I was 10 when I first started to build websites. I was not yet writing code. I used some WYSIWYG editor. I don’t remember the name, but it was made to create static websites. I created a site about video games that was a copy-cat of a famous french website (due proportion being observed).
It was a thrilling enough experience to give me a new goal: to build a dynamic website from the ground up.
All I needed then was time. And I had plenty of time during the winter holidays when the days were so short it was not worthing to go out at all. I enrolled in some free online courses, and at the age of 12, I had built my first blog-like website. PHP, MySQL, CSS, HTML were my best friends.
A passion was born.
When Passion Becomes the Catalyst
A vivid passion acts as a catalyzer towards a great career. The stage was set for mine.
I spent my whole scholarship (middle school and high school) developing on my Casio Graph 35+ calculator. Many of my French and History teachers should still be asking themselves why I needed this calculator in their lectures. I praise them for inadvertently letting me pursue my passion.
I later enrolled in an engineering school. I had this feeling that I was superior to other students because I was programming since the age of 10! I was not very focused on the different lectures. I was focused on my proper understanding of code, learning by myself all the things I think I needed to learn. What I love the most in programming is the architecting part. Modeling a solution from the ground up is so exciting for me! As you can guess it, I over-engineered ALL the projects I had to work on. This should have put a bug in my ear, it was going to be a lot worse…
“Choose a job you love, and you will never have to work a day in your life” — Confucius
It’s a well-known citation, but maybe we should append it with “[…] but don’t forget it’s still a job”. When you’re so passionate about something, it’s easy to forget that it is a job. You overlook the fact that you don’t know everything and that you have responsibilities as a professional.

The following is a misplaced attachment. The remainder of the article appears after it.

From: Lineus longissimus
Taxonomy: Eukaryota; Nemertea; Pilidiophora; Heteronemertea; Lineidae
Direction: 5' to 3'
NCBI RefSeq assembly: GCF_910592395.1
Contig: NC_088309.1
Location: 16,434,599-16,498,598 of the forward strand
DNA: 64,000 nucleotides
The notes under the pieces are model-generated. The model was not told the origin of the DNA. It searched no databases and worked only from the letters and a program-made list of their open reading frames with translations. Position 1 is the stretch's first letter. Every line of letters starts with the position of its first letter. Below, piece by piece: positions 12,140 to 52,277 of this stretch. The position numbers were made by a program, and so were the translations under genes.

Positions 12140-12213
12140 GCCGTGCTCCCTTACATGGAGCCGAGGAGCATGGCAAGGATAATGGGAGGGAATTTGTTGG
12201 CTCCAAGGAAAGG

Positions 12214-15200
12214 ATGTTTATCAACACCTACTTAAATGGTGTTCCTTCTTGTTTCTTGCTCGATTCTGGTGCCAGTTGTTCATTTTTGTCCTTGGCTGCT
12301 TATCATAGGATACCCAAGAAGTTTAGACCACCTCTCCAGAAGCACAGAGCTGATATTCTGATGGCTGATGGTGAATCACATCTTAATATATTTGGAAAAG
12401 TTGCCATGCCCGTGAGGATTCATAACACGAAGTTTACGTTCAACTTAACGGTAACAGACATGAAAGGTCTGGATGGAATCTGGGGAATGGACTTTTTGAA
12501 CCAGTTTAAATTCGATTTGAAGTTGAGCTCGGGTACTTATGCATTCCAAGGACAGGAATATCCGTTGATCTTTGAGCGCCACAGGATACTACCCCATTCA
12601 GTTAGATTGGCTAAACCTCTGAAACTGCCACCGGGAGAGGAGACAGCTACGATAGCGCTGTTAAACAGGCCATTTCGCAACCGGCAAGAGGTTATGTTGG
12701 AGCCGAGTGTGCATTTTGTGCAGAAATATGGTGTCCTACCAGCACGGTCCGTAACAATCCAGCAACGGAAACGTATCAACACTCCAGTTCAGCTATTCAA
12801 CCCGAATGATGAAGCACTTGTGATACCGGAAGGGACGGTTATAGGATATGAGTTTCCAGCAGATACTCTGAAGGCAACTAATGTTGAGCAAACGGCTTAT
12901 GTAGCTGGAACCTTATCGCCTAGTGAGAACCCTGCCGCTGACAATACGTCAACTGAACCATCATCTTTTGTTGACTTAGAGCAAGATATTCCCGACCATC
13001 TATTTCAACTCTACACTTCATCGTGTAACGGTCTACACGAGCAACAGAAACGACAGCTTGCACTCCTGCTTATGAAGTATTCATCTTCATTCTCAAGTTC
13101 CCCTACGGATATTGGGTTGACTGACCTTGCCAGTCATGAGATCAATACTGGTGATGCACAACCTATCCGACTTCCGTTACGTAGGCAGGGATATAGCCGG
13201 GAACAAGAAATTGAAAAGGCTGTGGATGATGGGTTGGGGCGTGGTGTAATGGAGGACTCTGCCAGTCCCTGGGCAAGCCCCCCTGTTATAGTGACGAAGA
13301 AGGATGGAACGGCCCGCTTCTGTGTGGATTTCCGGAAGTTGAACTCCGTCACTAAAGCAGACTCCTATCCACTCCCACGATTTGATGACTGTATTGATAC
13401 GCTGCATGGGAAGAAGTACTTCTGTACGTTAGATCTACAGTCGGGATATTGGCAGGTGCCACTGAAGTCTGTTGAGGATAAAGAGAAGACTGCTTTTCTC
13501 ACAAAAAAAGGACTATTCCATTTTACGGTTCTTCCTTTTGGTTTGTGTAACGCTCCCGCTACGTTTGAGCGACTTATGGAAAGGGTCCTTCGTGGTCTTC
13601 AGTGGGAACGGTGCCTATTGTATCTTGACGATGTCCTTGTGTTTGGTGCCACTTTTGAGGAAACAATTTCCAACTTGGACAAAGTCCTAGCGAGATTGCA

My firsts working experiences were similar. My clients described me as a very talented developer. An excellent source of proposals despite my young age. A terrific ability to “think outside the box” to solve many problems. A propensity for learning new things quickly. This purposely hyperbolic description might sound like the perfect developer! Not even close.
If you ask my former clients, between 2010 and 2016, if they would be willing to work with me again, you might hear a resounding NO from most of them.
Humility is Key
I forgot the most important thing. Yes, coding is my passion. But it’s also my job. As a software engineer, there are strong expectations about my work that I tend to forget.
My first career’s goal is to be a successful developer. Being successful means different things for different people. For many developers software development is about delivering value for the end user. I share the same definition. You achieve this by writing code. Code that needs to be readable, understandable, scalable. This kind of sound quality code takes time to write, and as we all know: time is money. It’s then tempting to write code that just works. The new feature got released in record time! The product owner is happy! The financial department is happy! The end user is happy! With a sense of accomplishment, the developer is happy!
But if you are so passionate about coding that it hurts you to write code that is “just” good, you’re not happy, and it might be a problem. You strive for perfection. After all, you’ve been developing since an age where many other kids were playing in the backyard. You really can’t write “average” code. Don’t get me wrong, I’m not saying that every passionate developer wants to write perfect code. Perfect code like all kind of perfection does not exist. But as many passionate self-taught developers, you can fall in the “I know better ways to do that than you and I NEED to do it that way” trap. The main issue is that you now write code for you, not for solving the end user problem. To tackle this, you need to embrace humility.
Humility makes you understand that the things you don’t know you don’t know are where the knowledge hides